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Clean rooms (Quantum Foundry)
In science, there is no such thing as too small to matter. From the potential for the greatest opportunities (like the electron), to the biggest threats (like COVID-19), we must invest in curiosity and discovery before we can change our world for the better.
Questions? Call us!


Beth Freeman
Regional Manager of Development, Western Canada
Shira Lester
Development Director
Susan Stern
National Executive Director and CEO
Kylah Thomson
Development Coordinator

Some discoveries require ultra, ultra clean rooms

Discoveries in materials science require clean rooms of Class-100 (including air control, temperature control, humidity control, vibration control, etc.). Class-100 also means that in a cubic foot there are less than 100 dust particles that are larger than half a micron.  

That makes a clean room 100 TIMES cleaner than a hospital operating room. 

The illustration below shows a dust particle compared to the size of the COVID-19 virus, wildfire smoke or even pollen. The image gives us a better understanding of how dust can interfere with the precision required to observe on such a small scale.  

Relative size of particles from Visual Capitalist

Canadians are forging new paths for progress on a global scale 

Clean rooms that will enable future discovery are part of the Canadian-led leadership investment to build the Tom and Mary Beck Center for Advanced and Intelligent Materials (C-AIM) at the Weizmann Institute in Rehovot, Israel. Clean rooms are the foundation of the C-AIM building, required to take materials science research to the next level of discovery. 

Research in materials science has existed in various departments at the Weizmann even before it became more formalized as a discipline in 1991.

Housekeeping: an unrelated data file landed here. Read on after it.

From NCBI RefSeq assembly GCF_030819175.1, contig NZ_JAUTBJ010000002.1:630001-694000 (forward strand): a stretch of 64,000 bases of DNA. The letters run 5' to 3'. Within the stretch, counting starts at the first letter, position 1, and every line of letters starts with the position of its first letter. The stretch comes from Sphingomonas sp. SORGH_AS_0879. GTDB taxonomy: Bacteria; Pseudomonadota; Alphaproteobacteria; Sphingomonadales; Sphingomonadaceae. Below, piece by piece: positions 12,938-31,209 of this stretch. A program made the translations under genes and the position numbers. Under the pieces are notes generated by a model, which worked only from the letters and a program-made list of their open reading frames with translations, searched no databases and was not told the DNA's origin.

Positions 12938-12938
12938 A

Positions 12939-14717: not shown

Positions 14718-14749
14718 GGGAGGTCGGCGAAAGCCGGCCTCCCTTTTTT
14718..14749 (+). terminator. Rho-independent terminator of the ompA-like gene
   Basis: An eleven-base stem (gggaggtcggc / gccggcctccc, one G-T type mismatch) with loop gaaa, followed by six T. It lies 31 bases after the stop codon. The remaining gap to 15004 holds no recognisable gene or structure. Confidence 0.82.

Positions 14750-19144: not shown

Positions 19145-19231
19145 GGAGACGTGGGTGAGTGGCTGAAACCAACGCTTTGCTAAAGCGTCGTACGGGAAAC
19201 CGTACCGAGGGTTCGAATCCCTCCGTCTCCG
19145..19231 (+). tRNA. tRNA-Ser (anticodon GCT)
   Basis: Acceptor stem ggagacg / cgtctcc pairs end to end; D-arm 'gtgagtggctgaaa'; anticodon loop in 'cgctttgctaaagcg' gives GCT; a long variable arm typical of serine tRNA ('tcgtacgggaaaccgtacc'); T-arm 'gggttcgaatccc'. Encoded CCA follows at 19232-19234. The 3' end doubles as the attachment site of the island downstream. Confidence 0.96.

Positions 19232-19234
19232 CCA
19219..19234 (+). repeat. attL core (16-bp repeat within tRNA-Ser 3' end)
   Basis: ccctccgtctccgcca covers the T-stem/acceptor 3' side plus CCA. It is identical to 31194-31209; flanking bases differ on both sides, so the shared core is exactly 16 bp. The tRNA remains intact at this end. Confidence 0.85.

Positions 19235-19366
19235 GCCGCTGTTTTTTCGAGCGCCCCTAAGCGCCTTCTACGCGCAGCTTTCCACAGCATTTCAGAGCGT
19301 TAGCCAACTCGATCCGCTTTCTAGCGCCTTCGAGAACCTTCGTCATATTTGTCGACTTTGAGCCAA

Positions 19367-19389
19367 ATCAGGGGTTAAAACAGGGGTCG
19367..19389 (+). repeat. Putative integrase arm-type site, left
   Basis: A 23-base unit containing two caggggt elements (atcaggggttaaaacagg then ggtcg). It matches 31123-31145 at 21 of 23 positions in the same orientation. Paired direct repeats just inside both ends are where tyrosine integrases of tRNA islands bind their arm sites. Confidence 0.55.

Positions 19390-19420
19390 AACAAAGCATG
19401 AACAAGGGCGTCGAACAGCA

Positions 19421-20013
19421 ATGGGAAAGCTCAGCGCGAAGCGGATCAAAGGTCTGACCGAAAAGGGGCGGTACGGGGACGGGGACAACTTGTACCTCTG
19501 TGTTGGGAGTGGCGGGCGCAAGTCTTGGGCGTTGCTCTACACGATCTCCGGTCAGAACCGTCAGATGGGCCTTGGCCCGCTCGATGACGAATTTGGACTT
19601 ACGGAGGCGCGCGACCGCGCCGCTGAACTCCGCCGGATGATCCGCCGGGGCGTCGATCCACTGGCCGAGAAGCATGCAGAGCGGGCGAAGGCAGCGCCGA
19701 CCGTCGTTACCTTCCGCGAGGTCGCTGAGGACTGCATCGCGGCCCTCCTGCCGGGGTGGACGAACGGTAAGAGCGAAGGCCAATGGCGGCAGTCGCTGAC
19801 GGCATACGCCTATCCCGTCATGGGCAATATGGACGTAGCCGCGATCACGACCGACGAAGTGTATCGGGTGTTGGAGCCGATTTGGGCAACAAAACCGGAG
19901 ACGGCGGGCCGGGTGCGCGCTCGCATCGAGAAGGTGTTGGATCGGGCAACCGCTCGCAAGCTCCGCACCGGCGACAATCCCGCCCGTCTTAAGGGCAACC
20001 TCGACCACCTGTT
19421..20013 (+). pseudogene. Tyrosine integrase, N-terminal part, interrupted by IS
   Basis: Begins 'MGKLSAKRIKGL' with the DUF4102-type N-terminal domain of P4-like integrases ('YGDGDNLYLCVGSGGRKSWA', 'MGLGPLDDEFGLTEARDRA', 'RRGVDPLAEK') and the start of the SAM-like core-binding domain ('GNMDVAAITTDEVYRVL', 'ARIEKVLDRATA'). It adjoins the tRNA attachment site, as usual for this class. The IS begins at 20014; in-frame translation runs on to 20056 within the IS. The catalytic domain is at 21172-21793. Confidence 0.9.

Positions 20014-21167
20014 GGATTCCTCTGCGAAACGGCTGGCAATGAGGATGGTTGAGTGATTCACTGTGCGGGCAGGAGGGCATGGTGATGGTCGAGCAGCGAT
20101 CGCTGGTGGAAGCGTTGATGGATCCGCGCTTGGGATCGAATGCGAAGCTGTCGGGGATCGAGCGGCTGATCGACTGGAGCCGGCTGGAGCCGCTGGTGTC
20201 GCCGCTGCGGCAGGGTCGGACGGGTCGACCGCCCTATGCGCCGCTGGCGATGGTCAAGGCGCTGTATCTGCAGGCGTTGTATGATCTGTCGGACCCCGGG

Discovery must occur for progress to happen. And, it is with that sentiment that we hope we can also partner with you to help fuel further progress.

C-AIM will house all that expertise under one roof, which will also advance materials science research through the much-needed state-of-the-art processing found in clean rooms (to be called the Quantum Foundry)The clean rooms will focus on three core areas of vital research. Each focus will further enable the next level of discoveries in the recent examples provided below: 

      1. Living materials and life-inspired materials | For example, Prof. Roy Bar-Ziv’s lab is using artificial cells (etched into a silicon chip) to safely produce specific sub-parts of cells. This could be used for highly pathogenic viruses like COVID-19, that have been historically dangerous to study. This process could give scientists around the world, a new tool to fight viruses safely or the ability to rapidly conduct thousands of medical tests all at once.
      2. Materials for energy and sustainability | For example, Prof. David Cahen’s lab is working with a mysterious material called halide perovskites, which can be unusually efficient at converting solar energy to electrical energy. The lab’s recent finding explaining the material’s self-healing properties could mean a new approach to controlling properties in other similar materials, to cut down the enormous cost and ingenuity required to get a similar low defect rate in today’s electronics. 
      3. Quantum materials | Quantum materials rely on strange or unknown phenomena, like the electron discovery. At Weizmann, for example, Prof. Gilad Haran’s lab has created a ‘bowtie shape’ structure that can absorb light and concentrate it at the centre point in the bow, creating a strong electric field. When the scientists then placed a small piece of crystalline matter to the center point, the crystals also reemitted light, and ultimately created entities called ‘polaritons’, a state where light waves and vibration waves in matter are mixed. With an especially strong microscope, the group was able to — for the first time — closely scan and map polariton activity. The discovery has many implications including potential future research in developing quantum applications, control of chemical processes and in designing new materials. 

Discovery must occur for progress to happen. And, it is with that sentiment that we hope we can also partner with you to help fuel further progress.  

Questions? Call us!


Beth Freeman
Regional Manager of Development, Western Canada
Shira Lester
Development Director
Susan Stern
National Executive Director and CEO
Kylah Thomson
Development Coordinator